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Boracay rehab seen prolonged–Budget

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Budget Secretary Benjamin Diokno said on Wednesday that even after the six-month closure order of Boracay Island, its rehabilitation  may be extended for next year.

As such, Diokno said, the extension may require additional budget allocations.

“There are some activities that might spill over to next year,” Diokno said at a media briefing.

“These are long-term projects like relocation of some informal settlers,” he added.

At the same time, however, Diokno   assured the public that the six-month closure of the island will not be extended.

“Definitely, it will open… we will exhaust the six months or will be earlier,” Diokno said.

“Should agency programs or projects for Boracay rehabilitation spill over into fiscal year 2019, agencies may also propose these in their budget proposals for the 2019 budget,” Diokno said.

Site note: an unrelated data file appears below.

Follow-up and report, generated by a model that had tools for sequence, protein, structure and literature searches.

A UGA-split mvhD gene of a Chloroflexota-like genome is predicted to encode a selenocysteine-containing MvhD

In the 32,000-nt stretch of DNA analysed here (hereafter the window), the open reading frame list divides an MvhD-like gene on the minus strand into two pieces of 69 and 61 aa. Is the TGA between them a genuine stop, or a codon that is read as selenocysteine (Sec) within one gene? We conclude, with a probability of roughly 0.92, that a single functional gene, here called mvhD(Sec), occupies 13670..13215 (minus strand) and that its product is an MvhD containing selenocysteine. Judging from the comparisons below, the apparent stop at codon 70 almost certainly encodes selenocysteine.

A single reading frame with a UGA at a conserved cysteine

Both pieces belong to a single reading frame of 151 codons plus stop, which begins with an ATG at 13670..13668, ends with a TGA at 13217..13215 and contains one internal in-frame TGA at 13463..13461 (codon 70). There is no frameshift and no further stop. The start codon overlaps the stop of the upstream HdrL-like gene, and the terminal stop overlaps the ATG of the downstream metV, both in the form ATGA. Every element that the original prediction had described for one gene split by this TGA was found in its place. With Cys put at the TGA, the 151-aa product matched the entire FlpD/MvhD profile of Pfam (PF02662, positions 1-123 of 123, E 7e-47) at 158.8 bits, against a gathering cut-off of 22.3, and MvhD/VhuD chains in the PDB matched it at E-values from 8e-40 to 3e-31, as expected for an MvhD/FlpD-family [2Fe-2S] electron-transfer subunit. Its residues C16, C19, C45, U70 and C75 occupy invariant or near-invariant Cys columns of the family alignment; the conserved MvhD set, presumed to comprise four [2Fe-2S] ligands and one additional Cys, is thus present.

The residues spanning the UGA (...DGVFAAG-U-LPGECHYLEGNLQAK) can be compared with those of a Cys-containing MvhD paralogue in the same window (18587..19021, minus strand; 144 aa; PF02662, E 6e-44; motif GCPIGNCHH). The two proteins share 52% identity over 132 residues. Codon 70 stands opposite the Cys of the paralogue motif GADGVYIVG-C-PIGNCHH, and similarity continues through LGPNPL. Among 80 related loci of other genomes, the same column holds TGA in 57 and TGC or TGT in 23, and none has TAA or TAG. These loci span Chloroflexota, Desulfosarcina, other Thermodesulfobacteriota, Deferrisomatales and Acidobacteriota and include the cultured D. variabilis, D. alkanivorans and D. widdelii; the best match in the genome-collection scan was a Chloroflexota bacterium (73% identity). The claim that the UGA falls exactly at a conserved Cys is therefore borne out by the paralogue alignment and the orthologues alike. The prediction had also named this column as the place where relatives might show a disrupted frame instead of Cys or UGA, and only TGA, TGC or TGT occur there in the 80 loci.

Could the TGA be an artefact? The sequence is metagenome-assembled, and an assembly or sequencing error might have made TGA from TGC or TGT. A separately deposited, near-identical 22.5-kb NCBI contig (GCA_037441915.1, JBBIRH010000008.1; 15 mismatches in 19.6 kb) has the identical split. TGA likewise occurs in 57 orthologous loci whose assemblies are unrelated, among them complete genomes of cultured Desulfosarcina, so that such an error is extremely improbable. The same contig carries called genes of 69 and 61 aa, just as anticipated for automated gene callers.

He also assured the public that the  government has enough funds to support the efforts in rehabilitating the island and assisting affected workers and residents affected by the temporary closure.

Diokno said concerned agencies such as the Departments of Environment, Tourism and Interior have their own budgetary requirements that they can use for rehab purposes.

The Budget chief also said that the national government’s contingent and calamity funds can also be tapped.

To date, the Department of Budget and Management has already released P448 million to the Department of Labor and Employment to cover financial assistance for 17,735 affected workers in the island.

The Department of Social Welfare and Development, meanwhile, gave out P9.7 million in financial assistance to 4,129 displaced workers as of May 4.

Diokno said the DBM is set to release P490 million to the Department of Public Works and Highways for the Boracay circumferential road project even as the

Tourism Infrastructure and Enterprise Zone Authority will spend P8 to P10 million from its own budget to rehabilitate the island’s waste water management system by constructing temporary outfalls, opening drainage systems, and declogging critical areas.

“Rest assured that the government has a work plan in the temporary closure of Boracay island. This plan does not only involve the physical rehabilitation of the once pristine Island, but also extends to the social welfare of the residents and workers to be affected,” Diokno said.


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